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Written by people who wish to remain anonymous
Nothing is changed,
Not the river's course, the dynamos' or the trams',
The chimneys and the housetops are as always
But the world is ended.
Green radiance of a streetlamp in the trees
And pool of yellow light on the wet pavement
Shines quietly upon here and now
This poem by Raine immediately raises doubts in the reader's mind, since the title is 'An End of the World', rather than the usual phrase 'The End of the World'. This change of the definite article to the indefinite suggests that there are various different perspectives on the end of the world and that it is subjective. The poem opens with the declaration that 'Nothing is changed', an assertive, perhaps omniscient, statement. Typical sights in daily life are as they were before - "the river", "The chimneys and the housetops". The irony, or confusion, arises in the fourth line of the poem - "But the world is ended" - which stands in opposition to the idea that "Nothing is changed". At this point, the poem creates a liminal, unworldly aura through its elaboration of colors that seem to be playing off of each other, with the intimation of rain. The fact that the "pool of yellow light [...] / Shines quietly upon here and now" makes "here and now" - something abstract - into something concrete, blurring the boundary between time and space.
So many gathered in my room last night.
I felt them close, all round me, existences,
Living presences, invisible essences,
Each centred in its own secret joy
This extract from 'The Company' portrays a poignant, very human scene. The speaker finds themselves in their bedroom, surrounded by loved ones, who have most probably passed away. There is a great emphasis on emotion and tactile intimacy and the evanescent quality of their appearances. They are 'existences, / Living presences, invisible essences', alluding to the fact that whilst their physicality might have disappeared they are still present in spiritual form. The use of punctuation in this section hints at a desire on the part of the speaker to move towards a more accurate description of his or her relatives.
I came, yes, dear, dear
Mother, for you I came, so I remember,
To lie in your warm
Bed, to watch the wonder flame
Burning golden gentle and bright the light of the living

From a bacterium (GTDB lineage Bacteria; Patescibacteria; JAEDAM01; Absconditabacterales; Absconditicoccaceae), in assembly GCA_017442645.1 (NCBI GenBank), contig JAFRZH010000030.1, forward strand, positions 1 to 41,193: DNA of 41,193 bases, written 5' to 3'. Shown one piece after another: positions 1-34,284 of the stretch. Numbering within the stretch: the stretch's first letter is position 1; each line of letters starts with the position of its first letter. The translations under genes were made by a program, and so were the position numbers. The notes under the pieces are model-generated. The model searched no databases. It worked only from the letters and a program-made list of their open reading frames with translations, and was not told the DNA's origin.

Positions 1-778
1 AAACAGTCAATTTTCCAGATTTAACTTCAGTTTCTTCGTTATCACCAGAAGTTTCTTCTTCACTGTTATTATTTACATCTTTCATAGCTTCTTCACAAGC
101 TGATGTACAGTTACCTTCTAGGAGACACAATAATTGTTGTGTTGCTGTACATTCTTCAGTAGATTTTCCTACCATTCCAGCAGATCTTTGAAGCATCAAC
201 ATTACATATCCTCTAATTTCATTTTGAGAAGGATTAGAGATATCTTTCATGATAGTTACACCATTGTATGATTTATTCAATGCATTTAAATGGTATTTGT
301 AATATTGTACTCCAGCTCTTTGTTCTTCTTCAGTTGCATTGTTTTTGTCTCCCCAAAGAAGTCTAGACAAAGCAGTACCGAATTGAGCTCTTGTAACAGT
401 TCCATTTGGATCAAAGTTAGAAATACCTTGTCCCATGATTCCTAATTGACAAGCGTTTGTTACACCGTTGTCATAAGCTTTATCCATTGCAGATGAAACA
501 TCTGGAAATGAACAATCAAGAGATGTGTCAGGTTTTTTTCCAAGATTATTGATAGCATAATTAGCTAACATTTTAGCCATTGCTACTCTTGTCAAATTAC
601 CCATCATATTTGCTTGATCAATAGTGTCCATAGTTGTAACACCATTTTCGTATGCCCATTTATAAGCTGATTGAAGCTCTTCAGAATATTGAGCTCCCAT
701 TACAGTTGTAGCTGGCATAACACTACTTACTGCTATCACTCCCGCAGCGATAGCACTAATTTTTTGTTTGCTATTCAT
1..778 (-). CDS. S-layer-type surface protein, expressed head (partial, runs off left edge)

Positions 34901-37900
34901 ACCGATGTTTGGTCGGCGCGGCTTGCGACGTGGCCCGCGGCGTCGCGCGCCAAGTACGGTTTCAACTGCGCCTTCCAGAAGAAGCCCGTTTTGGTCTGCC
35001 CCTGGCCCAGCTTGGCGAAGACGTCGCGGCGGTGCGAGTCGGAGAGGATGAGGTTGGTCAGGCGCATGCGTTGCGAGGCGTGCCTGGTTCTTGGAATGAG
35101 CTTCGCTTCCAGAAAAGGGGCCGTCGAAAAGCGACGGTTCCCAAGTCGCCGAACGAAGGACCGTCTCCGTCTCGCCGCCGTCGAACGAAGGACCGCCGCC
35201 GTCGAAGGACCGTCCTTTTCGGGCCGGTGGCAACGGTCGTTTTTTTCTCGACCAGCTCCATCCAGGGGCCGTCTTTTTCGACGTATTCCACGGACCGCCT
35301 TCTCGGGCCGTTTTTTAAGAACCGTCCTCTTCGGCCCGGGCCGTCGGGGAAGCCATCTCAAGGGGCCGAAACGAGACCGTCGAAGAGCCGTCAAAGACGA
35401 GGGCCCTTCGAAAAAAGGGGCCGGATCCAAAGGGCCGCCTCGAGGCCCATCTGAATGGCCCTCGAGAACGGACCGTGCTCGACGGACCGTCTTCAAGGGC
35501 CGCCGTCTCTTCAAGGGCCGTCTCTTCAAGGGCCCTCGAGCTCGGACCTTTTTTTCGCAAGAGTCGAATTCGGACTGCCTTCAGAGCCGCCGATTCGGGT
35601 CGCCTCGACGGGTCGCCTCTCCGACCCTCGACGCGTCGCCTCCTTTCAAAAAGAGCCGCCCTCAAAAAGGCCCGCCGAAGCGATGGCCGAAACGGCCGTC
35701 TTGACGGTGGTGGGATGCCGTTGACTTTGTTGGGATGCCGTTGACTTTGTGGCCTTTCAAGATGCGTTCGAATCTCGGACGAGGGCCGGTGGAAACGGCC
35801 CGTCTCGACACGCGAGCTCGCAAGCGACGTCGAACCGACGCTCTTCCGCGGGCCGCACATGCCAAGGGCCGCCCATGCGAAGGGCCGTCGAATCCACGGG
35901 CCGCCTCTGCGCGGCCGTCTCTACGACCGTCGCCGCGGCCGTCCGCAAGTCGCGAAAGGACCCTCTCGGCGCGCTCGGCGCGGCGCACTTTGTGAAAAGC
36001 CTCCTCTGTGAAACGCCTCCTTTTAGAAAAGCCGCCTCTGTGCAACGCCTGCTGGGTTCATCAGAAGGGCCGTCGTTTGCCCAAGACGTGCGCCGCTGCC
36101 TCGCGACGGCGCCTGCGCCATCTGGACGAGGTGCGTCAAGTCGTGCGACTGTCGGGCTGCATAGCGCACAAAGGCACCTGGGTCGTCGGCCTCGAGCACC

In this poem, the speaker addresses their mother. It opens in the affirmative, "I came, yes", with the repetition of "dear" implying an emotional intimacy. The touching phrase "Mother, for you I came" is one that most readers will be able to identify with, the implication being that this speaker's Mother is now elderly. Time's prominence continues in this passage; now there is a return to childhood, with a verb of memory ("I remember") cementing this interpretation. The speaker remembers what it was like "To lie in [their mother's] warm / Bed". The ambiguity of the image "the wonder flame" points at a childlike knowledge of what things really are. Ending with the image of it "Burning golden gentle", this opening to 'Kore in Hades' is a tender recollection of childhood and a reflection on the passing of time.
Here and now is over, the garden
Lost from time, its sun and moon
Mother, daughter, daughter, mother, never
Is come; there is nothing, nothing for ever.
This passage appears towards the end of 'Kore in Hades'. The moment evoked in the opening has the passed. Locations that were important before no longer exist, "Lost from time". After an upbeat, nostalgic opening, the poem takes a nihilistic turn ending with negatives like 'never' and 'nothing, nothing for ever'. The intertwined nature of the mother-daughter relationship is evoked through the use of the technique of chiasmus (ABBA) - "Mother, daughter, daughter, mother" - suggesting that both are equally important to one another in terms of their life story.
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